A Distillery Accidentally Sold Gin Bottles Full of Hand Sanitizer
As the COVID-19 pandemic unfolded, many distilleries around the globe decided to do their part by shifting from producing alcohol for consumption to producing alcohol for hand sanitizer. But as coronavirus safety measures slowly begin to ease, it turns out an Australian distillery may have switched back to the consumption side of things too quickly, accidentally labeling some bottles of hand sanitizer as gin and selling them to the public.
Yesterday, the Apollo Bay Distillery in Victoria issued a product safety recall for nine bottles of its SS Casino Gin sold over the weekend at the nearby Great Ocean Road Brewhouse. “The product is labelled as gin, however it is not gin,” the recall states in the most straightforward way possible. Of course, the next question becomes, well, if it’s not gin, what is it? The answer: 1.45 percent glycerol and 0.125 percent hydrogen peroxide—two ingredients that, along with an ethanol base, fit the World Health Organization’s approved formulation for hand sanitizer.
“The bottles were incorrectly labelled and had no seal,” a result of human error, a spokesperson for the distillery told Australia’s ABC News. “We understand they are not toxic.” Still, consumption of hand sanitizer is not recommended—even when mixed with tonic—and the spokesperson also reportedly said that one person claimed to have consumed the sanitizer and felt nauseous, but was otherwise alright.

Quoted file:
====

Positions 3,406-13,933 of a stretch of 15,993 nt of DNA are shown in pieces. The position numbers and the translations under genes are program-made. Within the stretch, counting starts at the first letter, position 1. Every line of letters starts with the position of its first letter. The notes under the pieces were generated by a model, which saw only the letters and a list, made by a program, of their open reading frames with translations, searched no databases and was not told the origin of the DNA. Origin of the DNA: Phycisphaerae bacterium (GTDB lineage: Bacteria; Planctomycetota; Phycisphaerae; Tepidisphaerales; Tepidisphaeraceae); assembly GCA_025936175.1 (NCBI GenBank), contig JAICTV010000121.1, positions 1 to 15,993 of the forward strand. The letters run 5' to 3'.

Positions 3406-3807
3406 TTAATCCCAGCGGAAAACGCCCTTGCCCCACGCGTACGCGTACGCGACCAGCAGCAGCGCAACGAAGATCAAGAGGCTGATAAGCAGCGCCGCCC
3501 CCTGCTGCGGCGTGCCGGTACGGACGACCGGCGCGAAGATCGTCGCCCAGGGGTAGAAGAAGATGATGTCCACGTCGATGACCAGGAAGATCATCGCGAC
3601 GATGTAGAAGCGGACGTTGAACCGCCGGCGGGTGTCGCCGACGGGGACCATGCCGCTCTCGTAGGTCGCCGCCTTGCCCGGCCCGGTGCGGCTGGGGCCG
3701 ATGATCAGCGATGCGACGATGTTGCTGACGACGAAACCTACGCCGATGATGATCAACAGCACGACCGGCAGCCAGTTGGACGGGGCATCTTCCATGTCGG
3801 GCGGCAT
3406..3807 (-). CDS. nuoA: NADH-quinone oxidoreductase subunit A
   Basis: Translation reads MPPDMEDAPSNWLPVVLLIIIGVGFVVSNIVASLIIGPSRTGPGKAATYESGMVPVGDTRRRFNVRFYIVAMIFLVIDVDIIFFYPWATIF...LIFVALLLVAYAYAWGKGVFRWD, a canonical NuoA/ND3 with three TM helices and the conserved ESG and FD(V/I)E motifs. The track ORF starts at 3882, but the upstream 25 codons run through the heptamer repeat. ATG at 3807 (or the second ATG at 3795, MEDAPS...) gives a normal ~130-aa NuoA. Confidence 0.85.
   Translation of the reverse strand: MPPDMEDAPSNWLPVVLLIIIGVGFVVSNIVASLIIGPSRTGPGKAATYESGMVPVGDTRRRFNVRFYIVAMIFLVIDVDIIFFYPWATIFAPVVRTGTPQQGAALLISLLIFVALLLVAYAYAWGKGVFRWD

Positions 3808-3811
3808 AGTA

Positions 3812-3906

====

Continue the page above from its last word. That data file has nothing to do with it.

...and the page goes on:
On the bright side, Apollo Bay also told the news site that, as of today, six of the nine bottles had been accounted for, and those who had inadvertently ended up with hand sanitizer received either a replacement bottle or a refund. “As a small business we're hugely sorry this has occurred,” the brand told one person who commented on their Facebook post. “It's not good and we apologise for this mistake,” they responded to another.
The recall also stated that consuming the sanitizer could result in “side effects including nausea, headaches, dizziness, bloating, vomiting, thirst, and diarrhea”—which, actually, doesn’t sound that different from how you might feel the next day after drinking too much gin.